How can we come to terms with our failuresand our successes?

What Happened To Peter when he tried to walk on the water is something that can happen to every one of us—and indeed does, at some point of ministry. It is part of what breaks down the unmitigated pride of the youthful minister and changes, as if by transubstantiation, enthusiasm into patience for the kingdom of God. And, as part of the developmental cycle of the minister’s life, it is most likely to happen during the difficult transition period from early to later middle age.

“I am convinced,” says Peter Chew in his book, The Inner World of the Middle-Aged Man, “that man’s search at midlife is ultimately a spiritual one.” And Richard Olson, to whom I am indebted for that quotation, adds this word from Carl Jung, the great psychoanalyst: “Among all my patients in the second half of life—that is to say, over thirty-five—there has not been one whose problem in the last resort was not that of finding a religious outlook on life.”

It is general, not particular; it happens to all, not only to ministers. And it is natural, with ministers as with others, for the breakdown or fall or reassessment to occur in terms of the spiritual pilgrimage.

What we are doing, you see, after the period of intense activity and achievement that characterizes early middle life, is stopping to reexamine the course we are on, and deciding whether the trip has been worth it. For some, this means coming to terms with the failure to achieve.

I have a friend who is about due for that. He is a Southern Baptist with all the unbridled ambition that sometimes characterizes young ministers in that convention. From age 15 to 40, he has been possessed by a dream of ministerial greatness. He manages to continue from year to year in the hope that some of it will one day come true. But now he is nearing the time when he must admit that it will not, that his goals for himself and his ministry were not consonant with his personality and abilities.

The alternative is to cope with success. That too can be a sad story.

I think of another minister, one who has surely fulfilled all his life’s ambitions and then some. For several years he has been pastor of a large, prestigious church—you know the kind, one with stained glass even in the bathrooms, and cloth towels to wipe your hands on. He is known as the “bishop” of his community. I asked him a few months ago to speak of the thoughts that run through his mind as he enters the last phase of his ministry. “Sex and love,” he said. Sex and love.

“I’ve had a devil of a time with sex these last few years,” he said; “wanta put my arm around every attractive woman I see. Put my arm around her—I want to get into bed with her. I haven’t. But I’ve sure had the urge.

“By love,” he said, “I mean this.” He waved his hand in a semisweep, indicating the extremely large church building completed within the last five years. “I used to think that the ultimate was to build this building. You know, the old edifice complex. Now that it’s built, I think a lot about love. What good is a building if the people aren’t changed? I’d like to spend the rest of my ministry teaching people how to love.”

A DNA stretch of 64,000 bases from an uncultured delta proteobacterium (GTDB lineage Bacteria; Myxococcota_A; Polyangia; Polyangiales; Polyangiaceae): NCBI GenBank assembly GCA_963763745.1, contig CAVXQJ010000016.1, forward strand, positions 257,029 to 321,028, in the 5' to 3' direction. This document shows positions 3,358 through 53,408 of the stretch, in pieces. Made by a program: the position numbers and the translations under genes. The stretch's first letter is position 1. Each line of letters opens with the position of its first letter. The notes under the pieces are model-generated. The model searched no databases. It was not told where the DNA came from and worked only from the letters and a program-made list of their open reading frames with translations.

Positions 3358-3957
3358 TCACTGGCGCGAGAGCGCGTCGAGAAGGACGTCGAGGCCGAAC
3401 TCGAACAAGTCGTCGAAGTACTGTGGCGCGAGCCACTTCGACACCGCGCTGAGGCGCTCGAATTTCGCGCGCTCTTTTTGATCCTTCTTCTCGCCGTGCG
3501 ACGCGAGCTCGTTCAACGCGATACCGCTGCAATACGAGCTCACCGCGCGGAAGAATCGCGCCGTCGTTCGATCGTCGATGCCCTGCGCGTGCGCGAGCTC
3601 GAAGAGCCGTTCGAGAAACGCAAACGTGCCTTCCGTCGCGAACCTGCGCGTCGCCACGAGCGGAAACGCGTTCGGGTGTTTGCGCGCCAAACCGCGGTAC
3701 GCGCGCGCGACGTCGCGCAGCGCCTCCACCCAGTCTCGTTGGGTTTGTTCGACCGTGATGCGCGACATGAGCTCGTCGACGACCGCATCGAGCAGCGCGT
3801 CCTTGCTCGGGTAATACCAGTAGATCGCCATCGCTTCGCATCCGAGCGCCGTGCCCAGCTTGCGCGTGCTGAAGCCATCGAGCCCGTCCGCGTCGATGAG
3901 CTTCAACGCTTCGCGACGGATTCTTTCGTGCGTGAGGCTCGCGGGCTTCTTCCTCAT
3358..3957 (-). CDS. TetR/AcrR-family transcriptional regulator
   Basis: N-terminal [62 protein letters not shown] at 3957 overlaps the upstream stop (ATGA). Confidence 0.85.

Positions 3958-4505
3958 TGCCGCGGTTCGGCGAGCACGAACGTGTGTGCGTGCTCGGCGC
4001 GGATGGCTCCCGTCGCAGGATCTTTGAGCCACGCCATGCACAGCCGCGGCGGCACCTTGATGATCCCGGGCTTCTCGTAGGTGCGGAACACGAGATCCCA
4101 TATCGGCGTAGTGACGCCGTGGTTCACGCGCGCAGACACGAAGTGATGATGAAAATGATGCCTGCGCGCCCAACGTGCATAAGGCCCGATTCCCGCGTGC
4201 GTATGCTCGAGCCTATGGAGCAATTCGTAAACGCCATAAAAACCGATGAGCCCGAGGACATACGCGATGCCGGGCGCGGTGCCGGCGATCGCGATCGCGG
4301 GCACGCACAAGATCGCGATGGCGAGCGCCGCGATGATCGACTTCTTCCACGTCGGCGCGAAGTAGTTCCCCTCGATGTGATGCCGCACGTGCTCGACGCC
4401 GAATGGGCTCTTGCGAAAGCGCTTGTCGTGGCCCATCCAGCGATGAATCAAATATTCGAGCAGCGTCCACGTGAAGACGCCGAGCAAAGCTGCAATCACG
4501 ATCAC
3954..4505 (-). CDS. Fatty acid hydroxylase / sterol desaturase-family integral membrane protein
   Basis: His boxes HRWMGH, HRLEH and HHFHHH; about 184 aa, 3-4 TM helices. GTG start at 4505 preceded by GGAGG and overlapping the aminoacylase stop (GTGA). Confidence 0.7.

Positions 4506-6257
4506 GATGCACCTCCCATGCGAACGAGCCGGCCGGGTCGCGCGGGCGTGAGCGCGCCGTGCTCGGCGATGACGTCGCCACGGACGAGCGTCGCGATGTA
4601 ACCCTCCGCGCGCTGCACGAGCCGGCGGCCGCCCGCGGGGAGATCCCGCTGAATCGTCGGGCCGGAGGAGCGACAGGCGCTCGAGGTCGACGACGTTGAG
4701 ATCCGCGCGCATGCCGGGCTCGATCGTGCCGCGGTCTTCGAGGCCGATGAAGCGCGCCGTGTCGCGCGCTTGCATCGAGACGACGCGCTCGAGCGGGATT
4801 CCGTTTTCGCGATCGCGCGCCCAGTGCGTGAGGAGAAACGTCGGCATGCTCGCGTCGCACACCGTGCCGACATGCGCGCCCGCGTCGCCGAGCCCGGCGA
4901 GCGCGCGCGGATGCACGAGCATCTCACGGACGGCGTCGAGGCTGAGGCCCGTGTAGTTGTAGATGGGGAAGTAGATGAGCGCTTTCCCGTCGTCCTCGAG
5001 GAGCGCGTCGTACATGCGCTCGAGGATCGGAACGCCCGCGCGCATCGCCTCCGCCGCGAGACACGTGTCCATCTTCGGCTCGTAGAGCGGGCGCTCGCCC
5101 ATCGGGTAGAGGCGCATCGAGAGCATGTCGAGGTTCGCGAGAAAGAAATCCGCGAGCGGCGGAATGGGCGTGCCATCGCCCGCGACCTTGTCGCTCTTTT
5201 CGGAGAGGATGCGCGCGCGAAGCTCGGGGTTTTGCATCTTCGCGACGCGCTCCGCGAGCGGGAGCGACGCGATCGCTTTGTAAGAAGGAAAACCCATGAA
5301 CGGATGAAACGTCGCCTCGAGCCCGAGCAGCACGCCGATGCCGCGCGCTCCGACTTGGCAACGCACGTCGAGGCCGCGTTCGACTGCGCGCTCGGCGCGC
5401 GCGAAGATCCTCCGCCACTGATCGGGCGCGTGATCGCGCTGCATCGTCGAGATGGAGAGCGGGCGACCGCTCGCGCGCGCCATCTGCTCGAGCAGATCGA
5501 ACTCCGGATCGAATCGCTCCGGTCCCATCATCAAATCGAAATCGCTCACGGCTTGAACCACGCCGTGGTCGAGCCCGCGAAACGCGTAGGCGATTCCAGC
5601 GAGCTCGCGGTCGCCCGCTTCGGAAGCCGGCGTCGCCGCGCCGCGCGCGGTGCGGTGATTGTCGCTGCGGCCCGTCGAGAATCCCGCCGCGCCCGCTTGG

Maybe the sex angle wasn’t as unrelated to this as seems apparent. For years, the building had been the important thing, an erection in stone and mortar. Then, when the success of that was called into question, real sex came back with a vengeance—the elan vital, the life force, surging back where it had been denied. It often happens with people in late midlife. They want to make up for lost time, to touch flesh, to be real as “ordinary people” are real.

What is failure and what is success in ministry? That is the thorny part, isn’t it? Sometimes we fail for having aimed at the wrong kind of success, and maybe, if it has helped us to avoid that pitfall, we can even conceive of failure as a kind of success.

Who knows, maybe the end will be better than the beginning! Maybe faith will take hold even more strongly than before. That would be something, wouldn’t it?

Frederick W. Robertson found it that way. One of the greatest of the great, he stood head and shoulders above most of his contemporaries yet never seemed to notice; he was stuff of our stuff: overworked, underpaid, the target of many accusations from both church members and strangers because he dared to side with working people. This great man was always troubled by hidden thoughts of failure. Yet in one of the loneliest times of his life, he wrote, “My experience is closing into this, that I turn with disgust from everything to Christ.”

Ponder that, will you? “I turn with disgust from everything to Christ.” In the end, what else is there? We walk with him along the shore, and hear him ask, probing gently, “Do you love me?”

“Yes, Lord, you know I do.”

“Feed my sheep.”

Can you resist a scene like that? I can’t.

“I turn with disgust from everything to Christ.”

Maybe not quite with disgust. But I

know what he means.

There isn’t any comparison.

Dr. Killinger is pastor of First Presbyterian Church, Lynchburg, Virginia; he formerly taught at Vanderbilt Divinity School. The above is from his book Christ in the Seasons of Ministry, copyright ©1983; used by permission of Word Books, Publisher, Waco, Texas 76796.

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